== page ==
Diary of a 5 year old gamer girl and how Mice and Mystics saved the day!
Yannick Deplaedt
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Nagoya
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[UPDATE] Lana now turned 6. Her condition seems to have definitely disappeared. We keep playing games almost everyday and she really enjoys using both languages now that she recovered enough self confidence to consider herself bilingual. It is time to update this geeklist and add some of the games I forgot to mention. You'll notice that, except for Mice and Mystics, all the games she plays are kids games. I don't think she should play games for older kids. So all the games she plays, with friends or with us, are tailored for her age. Please, if you think you could give me some advice about games we should try, don't hesitate to message me or add it in the comments section. [/UPDATE]

Board games are a big part of our family's daily life. It all started suddenly thanks to a friend who made us discover what is now our greatest family hobby. I discovered board games when my daughter, who is now 5 year old, was less than 2 and since then, we kept playing once or twice a week. We first thought it was a nice way to spend the evening having fun while still having the opportunity to communicate.

My little girl started playing, mostly with me, when she was 3. A lot of Haba games, as well as Drei Magier and Selecta.

Lots of gamers focus on games for grown ups and I wanted to make a geeklist about my daughter's gaming habit. I was first inspired by this thread

There is something I need to tell about my sweet daughter. When she turned 3, my wife and I decided to send her to France (she went along with my wife) because I wanted her to be able to speak French, my native language, as much as she can speak Japanese, her mother's native language. She spent two months and a half, going to school like a normal French kid. But, from the first day to the end of her stay, even if she was already able to speak the language, she stopped talking at school.

She would talk a lot at home, for sure, really incredibly improving her French language skills, but when she would arrive at school every morning, she would just become mute and just keep to herself, as if she was in a shell. It didn't really interfere with her having good relationships with other kids but everybody, her teacher, the staff at school, and the other kids parents were really worrying a lot.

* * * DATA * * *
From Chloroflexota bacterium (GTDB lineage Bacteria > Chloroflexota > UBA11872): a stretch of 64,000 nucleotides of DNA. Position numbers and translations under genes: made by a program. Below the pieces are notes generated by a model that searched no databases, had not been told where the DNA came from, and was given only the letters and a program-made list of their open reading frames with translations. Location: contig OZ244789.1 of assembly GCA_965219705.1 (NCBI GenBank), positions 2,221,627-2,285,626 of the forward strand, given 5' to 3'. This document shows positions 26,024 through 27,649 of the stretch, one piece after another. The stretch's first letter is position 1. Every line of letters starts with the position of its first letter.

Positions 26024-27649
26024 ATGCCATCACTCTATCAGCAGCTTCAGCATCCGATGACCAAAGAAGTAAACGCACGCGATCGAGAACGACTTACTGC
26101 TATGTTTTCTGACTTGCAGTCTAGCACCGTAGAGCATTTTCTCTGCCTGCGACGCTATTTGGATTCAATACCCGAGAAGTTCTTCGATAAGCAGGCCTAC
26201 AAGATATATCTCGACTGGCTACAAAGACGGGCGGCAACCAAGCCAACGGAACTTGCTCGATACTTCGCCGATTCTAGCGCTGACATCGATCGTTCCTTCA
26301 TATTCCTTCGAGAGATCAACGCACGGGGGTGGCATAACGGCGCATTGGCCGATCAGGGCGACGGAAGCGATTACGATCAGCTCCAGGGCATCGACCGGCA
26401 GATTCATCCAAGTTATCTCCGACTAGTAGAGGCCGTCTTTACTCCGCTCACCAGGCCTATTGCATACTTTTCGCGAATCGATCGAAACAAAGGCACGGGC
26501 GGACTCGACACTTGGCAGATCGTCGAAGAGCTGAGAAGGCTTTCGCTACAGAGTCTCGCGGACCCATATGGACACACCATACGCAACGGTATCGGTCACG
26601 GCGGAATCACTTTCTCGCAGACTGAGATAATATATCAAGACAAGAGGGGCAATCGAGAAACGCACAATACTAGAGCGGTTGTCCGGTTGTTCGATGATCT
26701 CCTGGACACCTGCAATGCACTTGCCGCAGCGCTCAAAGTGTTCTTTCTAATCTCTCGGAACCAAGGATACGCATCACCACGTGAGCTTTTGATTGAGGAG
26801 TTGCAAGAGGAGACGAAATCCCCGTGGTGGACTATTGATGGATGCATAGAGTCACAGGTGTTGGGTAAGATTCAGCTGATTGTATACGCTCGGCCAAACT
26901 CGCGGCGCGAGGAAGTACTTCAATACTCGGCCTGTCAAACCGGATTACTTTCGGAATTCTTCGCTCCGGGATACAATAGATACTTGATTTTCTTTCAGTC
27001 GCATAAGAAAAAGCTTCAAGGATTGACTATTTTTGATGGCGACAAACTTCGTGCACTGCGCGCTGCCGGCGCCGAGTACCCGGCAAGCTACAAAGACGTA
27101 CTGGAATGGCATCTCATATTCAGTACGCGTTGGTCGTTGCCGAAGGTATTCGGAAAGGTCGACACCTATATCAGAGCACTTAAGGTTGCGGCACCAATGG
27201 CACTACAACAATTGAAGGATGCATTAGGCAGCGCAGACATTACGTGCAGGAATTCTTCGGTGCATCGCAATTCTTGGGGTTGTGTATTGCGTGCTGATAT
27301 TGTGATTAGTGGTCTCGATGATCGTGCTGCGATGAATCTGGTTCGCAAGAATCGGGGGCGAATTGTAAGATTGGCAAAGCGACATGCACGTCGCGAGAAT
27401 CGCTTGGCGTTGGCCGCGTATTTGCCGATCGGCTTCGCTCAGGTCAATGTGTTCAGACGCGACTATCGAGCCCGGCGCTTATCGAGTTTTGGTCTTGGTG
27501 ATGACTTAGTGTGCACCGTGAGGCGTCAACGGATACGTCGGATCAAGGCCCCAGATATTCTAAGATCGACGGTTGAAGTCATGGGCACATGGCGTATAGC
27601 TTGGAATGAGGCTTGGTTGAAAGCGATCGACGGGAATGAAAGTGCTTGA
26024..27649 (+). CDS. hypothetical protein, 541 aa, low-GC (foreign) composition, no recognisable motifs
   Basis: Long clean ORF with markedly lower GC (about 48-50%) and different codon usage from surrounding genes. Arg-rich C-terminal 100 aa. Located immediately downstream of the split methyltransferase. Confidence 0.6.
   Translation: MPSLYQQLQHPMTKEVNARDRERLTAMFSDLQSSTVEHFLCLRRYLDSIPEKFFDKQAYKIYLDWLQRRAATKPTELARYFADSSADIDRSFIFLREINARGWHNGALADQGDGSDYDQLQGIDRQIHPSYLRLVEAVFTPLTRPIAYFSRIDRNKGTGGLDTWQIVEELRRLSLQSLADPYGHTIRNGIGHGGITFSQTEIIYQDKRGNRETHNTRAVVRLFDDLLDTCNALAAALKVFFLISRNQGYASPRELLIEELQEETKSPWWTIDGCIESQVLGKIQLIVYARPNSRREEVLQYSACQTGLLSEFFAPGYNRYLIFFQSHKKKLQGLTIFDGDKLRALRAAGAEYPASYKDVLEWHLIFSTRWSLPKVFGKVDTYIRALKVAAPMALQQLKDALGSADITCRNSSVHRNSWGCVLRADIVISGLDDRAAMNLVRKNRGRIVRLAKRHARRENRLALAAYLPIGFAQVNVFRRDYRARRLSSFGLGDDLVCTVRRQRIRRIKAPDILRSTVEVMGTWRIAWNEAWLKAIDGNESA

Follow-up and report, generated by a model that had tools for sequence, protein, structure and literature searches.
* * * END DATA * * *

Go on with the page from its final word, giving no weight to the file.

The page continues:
After two months and a half, my wife and Lana came back to Japan. We thought the issue would solve by itself, considering being in a non-Japanese environment was where the issue lied, but she continued not to say a single word at school for almost two years.

I read all the books available about "selective mutism", most of the books telling the parents what strategies they should use to help the child speak again. Nothing really worked. At least, that's what we thought. This "trouble" is really tricky to handle and I had quite given up on finding a solution, until recently, when the situation suddenly changed.

During all these months, we kept playing games. There's one game that changed her dramatically. It might sound strange but I really think Mice and Mystics helped her build the self confidence she needed to overcome her "shyness".

I won't start this geek list with Mice and Mystics, though. She didn't start playing this one at 3!! She was 4 and a half when we first played the game and, of course, she was not really "playing" (she was DEEPLY listening to the story and moving pieces around, rolling dice, but all the strategic stuff, and discrete "I want my child to win this scenario" cheating, I handled). Let's be serious. I used the game to help her, and winning every time was a part of it. But, as I wrote earlier, I'll talk about Mice and Mystics when time is due. And cheating is bad!!! Unless it's for your children's sake